8. Paying for legal costs

Startups need several forms of legal advice. 

  • Legal formation: What type of legal entity will you form? An attorney may recommend a corporation, partnership, or some other type of legal structure.
  • Contracts: Use an attorney to review all contracts and other legal agreements before you sign them.
  • Operational issues: You need access to an attorney as legal issues come up during business operations. Situations with employees or customers may require a discussion with an attorney.

You will likely pay fees to incorporate your business, and many cities and states require businesses to pay annual fees.

9. Hiring an accountant

Once an attorney determines the legal structure of your business, an accountant can use the information to prepare business tax returns each year. While you may generate your own monthly financial statements using accounting software, you’ll eventually need to hand off that task to a bookkeeper or an accountant.

10. Working with a bank

Your startup needs a business checking account, in order to make deposits, write checks, and to manage debit transactions. As a business grows, many companies use a line of credit to finance operations. 

11. Working with an insurance agent

Startups need different types of insurance. You need insurance to protect business assets from damage or theft. In addition to insuring IT equipment, vehicles, and machinery, you may need insurance for your own raw materials or inventory.

Liability insurance protects you from legal issues related to your products and services. When you hire employees, you’ll need more types of insurance. Your insurance costs may range from $500 to $1,000 per year.

12. Planning for marketing costs

Every business needs a website, and you need to invest in site design that professionally explains what you do and how your business differs from the competition. On average, business owners pay $200 to build a website, and $50 a month to host the site.

Marketing costs may include producing blog posts and other content, social media campaigns, email marketing, or traditional advertising. Marketing typically requires 10% to your startup’s total costs.

13. Covering travel costs

Startup founders and salespeople may incur travel costs to serve clients and to call on prospects. Travel costs include airline, hotel, car rental, meals, and entertainment.

14. Thinking about office space

Your startup may rent office space, or you might operate remotely. In either case, you need a certain amount of office furniture, including tables, desks, chairs, and office supplies. Monthly office space will cost $300 to as high as $1,200 per worker per employee.

15. Paying for utilities

Startups must pay for heating, cooling, electric and other costs to operate each physical location. The average monthly utility cost is $2.50 per square foot.                                                                      

 As technology changes, businesses may pay monthly amounts for IT software subscriptions.   These costs may increase as your business becomes more complex.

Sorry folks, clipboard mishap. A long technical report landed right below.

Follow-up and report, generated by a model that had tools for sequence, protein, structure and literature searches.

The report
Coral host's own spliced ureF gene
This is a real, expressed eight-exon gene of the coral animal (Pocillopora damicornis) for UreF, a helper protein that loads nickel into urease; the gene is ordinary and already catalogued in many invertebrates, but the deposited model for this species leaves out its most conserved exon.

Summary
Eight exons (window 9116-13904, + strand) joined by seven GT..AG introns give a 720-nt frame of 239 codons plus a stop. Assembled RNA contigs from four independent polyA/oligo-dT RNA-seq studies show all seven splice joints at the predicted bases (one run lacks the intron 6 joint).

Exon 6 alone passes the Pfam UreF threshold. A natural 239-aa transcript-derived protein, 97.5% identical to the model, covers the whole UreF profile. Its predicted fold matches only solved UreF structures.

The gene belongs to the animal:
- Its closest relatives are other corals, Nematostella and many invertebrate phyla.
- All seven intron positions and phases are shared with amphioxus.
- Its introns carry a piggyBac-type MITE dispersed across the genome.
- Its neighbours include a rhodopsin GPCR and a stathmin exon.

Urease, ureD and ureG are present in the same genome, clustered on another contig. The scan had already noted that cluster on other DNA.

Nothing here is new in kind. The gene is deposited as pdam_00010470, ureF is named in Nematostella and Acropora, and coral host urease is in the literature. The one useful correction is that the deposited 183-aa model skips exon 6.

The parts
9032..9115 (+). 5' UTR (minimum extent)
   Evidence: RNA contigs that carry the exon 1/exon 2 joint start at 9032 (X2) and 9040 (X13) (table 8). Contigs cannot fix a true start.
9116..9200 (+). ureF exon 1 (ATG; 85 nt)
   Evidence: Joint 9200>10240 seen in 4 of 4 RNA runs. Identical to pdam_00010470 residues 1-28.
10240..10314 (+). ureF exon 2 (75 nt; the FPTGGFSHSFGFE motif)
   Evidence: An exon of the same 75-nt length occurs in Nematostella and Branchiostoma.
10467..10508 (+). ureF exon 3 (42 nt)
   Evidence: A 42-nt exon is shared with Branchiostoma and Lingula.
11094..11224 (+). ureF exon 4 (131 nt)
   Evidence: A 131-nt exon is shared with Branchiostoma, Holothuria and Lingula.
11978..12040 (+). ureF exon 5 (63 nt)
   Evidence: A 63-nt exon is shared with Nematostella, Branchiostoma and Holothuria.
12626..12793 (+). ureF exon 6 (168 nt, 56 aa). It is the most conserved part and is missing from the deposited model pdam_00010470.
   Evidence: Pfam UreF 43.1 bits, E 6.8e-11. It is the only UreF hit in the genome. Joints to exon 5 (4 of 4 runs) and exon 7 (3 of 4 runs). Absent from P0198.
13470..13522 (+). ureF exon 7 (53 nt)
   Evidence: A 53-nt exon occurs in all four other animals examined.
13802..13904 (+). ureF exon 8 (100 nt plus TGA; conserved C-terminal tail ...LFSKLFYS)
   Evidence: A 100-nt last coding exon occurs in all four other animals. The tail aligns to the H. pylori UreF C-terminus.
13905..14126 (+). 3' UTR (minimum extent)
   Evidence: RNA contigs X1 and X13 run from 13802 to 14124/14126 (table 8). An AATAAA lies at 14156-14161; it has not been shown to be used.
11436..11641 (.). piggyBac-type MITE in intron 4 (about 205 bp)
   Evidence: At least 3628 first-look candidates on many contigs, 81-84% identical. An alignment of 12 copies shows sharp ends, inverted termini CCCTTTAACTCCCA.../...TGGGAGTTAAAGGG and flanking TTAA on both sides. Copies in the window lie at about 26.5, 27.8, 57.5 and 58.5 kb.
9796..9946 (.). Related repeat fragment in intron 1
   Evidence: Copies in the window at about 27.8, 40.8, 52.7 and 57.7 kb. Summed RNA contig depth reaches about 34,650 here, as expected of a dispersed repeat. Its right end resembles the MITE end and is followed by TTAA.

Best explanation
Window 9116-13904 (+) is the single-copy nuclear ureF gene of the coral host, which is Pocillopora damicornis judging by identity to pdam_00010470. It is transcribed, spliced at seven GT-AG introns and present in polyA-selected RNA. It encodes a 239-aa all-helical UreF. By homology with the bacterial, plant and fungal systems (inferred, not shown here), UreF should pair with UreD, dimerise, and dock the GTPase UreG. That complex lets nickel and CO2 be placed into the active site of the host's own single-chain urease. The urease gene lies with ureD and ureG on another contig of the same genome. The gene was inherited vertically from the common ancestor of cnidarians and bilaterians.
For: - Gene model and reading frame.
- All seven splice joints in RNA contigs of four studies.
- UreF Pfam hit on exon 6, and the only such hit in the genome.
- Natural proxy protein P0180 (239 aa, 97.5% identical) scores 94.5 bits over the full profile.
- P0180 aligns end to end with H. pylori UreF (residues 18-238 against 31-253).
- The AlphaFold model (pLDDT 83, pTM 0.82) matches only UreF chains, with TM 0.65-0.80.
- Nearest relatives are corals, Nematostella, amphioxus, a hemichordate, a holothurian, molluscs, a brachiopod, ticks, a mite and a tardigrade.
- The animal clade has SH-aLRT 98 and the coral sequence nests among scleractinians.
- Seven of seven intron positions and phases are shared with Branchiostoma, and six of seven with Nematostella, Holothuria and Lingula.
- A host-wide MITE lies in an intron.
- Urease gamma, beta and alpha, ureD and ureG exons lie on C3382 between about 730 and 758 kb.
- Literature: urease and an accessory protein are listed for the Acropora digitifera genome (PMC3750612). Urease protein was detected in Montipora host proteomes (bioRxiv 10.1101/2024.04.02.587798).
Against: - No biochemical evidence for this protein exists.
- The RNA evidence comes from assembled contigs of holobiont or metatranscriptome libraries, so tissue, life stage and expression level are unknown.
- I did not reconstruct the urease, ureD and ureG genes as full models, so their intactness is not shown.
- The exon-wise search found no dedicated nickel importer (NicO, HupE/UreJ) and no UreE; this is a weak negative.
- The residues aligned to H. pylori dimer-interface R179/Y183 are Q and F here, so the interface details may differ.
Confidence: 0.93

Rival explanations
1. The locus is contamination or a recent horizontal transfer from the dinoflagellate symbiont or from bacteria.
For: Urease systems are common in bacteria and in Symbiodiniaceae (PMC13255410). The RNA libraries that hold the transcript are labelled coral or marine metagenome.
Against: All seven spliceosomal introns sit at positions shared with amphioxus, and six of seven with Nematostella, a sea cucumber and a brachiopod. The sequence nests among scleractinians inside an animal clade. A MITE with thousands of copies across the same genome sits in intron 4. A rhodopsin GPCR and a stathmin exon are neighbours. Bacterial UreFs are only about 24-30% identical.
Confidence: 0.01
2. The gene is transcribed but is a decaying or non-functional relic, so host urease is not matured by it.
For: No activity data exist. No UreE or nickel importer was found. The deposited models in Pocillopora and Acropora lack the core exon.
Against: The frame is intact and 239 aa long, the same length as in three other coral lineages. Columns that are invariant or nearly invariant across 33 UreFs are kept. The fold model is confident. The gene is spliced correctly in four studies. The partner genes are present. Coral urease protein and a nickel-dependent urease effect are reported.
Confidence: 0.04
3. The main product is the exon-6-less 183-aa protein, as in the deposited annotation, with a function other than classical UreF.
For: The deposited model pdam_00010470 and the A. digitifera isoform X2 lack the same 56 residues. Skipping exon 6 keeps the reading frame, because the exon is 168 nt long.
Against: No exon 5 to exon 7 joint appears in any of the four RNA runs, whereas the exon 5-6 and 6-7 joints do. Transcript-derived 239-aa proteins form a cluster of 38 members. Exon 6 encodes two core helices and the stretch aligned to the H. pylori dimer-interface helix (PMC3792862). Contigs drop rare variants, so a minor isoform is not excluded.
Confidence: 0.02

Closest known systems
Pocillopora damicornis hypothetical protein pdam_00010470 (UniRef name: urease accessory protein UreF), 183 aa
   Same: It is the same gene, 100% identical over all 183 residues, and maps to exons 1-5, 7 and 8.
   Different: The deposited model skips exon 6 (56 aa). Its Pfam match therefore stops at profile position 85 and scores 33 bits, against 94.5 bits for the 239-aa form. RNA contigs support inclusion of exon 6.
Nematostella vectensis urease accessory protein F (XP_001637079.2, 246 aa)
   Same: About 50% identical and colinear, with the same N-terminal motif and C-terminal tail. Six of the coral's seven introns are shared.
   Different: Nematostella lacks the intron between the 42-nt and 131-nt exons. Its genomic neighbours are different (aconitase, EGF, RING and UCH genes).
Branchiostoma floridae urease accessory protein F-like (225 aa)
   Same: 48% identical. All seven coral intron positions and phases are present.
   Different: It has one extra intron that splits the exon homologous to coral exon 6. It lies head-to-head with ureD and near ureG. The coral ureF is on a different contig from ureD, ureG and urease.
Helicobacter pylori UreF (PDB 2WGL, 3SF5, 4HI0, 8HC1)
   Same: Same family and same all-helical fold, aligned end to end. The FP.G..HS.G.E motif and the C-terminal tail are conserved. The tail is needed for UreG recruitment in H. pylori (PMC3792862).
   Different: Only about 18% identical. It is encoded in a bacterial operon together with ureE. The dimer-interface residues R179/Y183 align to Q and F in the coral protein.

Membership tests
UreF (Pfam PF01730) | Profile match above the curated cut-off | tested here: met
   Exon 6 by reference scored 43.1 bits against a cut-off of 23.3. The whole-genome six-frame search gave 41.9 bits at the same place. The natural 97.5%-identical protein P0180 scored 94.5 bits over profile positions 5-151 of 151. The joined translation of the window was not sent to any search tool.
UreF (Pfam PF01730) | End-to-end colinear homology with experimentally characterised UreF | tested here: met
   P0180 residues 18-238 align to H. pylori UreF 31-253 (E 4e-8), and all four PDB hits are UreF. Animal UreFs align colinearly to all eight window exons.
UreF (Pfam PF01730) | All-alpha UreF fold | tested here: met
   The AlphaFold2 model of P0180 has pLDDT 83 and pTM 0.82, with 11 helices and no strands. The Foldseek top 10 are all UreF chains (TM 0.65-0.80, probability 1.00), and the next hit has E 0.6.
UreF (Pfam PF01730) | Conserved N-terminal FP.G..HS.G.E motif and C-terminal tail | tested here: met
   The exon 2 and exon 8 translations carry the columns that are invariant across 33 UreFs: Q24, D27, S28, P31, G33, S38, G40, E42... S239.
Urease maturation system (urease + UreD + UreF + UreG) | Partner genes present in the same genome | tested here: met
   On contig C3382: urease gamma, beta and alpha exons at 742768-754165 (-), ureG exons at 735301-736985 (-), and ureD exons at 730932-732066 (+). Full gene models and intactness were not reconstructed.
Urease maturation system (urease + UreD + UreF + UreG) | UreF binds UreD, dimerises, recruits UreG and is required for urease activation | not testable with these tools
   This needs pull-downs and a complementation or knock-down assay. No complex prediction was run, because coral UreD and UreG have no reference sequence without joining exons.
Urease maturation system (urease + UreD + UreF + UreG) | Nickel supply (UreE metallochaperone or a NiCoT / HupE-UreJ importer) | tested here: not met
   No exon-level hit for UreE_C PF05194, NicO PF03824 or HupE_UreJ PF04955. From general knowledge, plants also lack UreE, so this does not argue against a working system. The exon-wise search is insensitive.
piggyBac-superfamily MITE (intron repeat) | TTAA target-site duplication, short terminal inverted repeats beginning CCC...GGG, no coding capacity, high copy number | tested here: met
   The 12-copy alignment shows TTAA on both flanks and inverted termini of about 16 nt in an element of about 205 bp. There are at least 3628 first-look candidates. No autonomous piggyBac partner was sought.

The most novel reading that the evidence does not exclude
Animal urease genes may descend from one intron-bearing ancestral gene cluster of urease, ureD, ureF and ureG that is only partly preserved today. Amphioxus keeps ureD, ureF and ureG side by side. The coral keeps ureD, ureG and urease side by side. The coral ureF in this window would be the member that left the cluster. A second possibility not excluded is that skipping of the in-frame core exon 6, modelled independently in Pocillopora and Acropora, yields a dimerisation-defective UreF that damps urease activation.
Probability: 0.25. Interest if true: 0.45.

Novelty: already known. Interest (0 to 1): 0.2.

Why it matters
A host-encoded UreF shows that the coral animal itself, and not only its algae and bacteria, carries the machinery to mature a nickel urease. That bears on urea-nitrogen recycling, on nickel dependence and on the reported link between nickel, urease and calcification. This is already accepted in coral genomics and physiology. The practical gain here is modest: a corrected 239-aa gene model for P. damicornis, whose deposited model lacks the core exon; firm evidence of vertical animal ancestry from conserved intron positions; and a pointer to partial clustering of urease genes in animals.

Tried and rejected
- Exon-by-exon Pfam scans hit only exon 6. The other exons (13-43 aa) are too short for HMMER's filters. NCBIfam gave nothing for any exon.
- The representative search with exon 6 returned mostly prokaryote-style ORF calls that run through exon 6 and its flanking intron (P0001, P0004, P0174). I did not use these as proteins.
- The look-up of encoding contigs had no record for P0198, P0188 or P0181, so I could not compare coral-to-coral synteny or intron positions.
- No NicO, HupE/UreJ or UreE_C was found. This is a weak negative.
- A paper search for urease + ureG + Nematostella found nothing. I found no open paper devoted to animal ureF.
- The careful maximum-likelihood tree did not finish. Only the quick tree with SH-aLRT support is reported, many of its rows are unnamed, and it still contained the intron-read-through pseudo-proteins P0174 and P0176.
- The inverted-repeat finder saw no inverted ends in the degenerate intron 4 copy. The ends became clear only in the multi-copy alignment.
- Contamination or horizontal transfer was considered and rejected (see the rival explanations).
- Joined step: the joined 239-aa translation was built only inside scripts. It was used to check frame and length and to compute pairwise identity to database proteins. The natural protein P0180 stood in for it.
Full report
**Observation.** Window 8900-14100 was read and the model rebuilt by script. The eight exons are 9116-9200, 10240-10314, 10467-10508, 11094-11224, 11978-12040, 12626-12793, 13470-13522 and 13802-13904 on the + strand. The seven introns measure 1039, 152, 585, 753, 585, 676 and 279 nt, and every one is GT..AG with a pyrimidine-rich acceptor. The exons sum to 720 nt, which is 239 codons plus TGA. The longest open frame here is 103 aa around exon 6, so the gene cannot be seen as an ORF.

16. Paying for taxes

Business owners must pay taxes on company profits. If your business is a corporation, you’re taxed on dividend payments received from the corporation. Partnerships and other business entities pass through the profits to the owner’s personal tax return.

An accountant can help you plan for taxes, and determine the types of tax returns you must file. The average tax rate for a small business ranges from 13% to 27%. As the business generates higher profits, the tax rate you pay may increase. 

Financing Your Startup Costs

Startup founders frequently use their capital (cash or other assets) to finance a startup. Some founders bring in outside investors by selling ownership in the business. You may also consider a startup business loan to finance a purchase of equipment or other assets.

The Bottom Line

Startup founders can get off to a solid start by developing a comprehensive list of startup costs. Get fully informed by talking with accountants, attorneys, and other business founders. Once you launch your business, keep an eye on costs and compare business expenses to revenue.

Adaptability is the key to a startup’s success, so make changes when necessary.



What are buildout costs that are paid for a physical store location?

Buildout includes costs for furniture, shelving, lighting, and signage. These costs are incurred to prepare the physical location for use in the business.

What types of insurance policies do many startups purchase?

Startups may purchase insurance coverage to protect property and other fixed assets from damage or theft. Many startup founders also purchase insurance to cover the risks of selling specific products and services.

What is a potential risk of signing a long-term lease for a business?

If the business struggles and isn’t profitable, the retailer may be legally required to make lease payments until the end of the lease. Some retailers must pay on leases for years, even if the business is operating at a loss or is shut down completely. 

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Written by Kenneth Boyd

Kenneth Boyd is a four-time Dummies book author, including the book Cost Accounting for Dummies. Ken writes, blogs, and provides video content on business topics.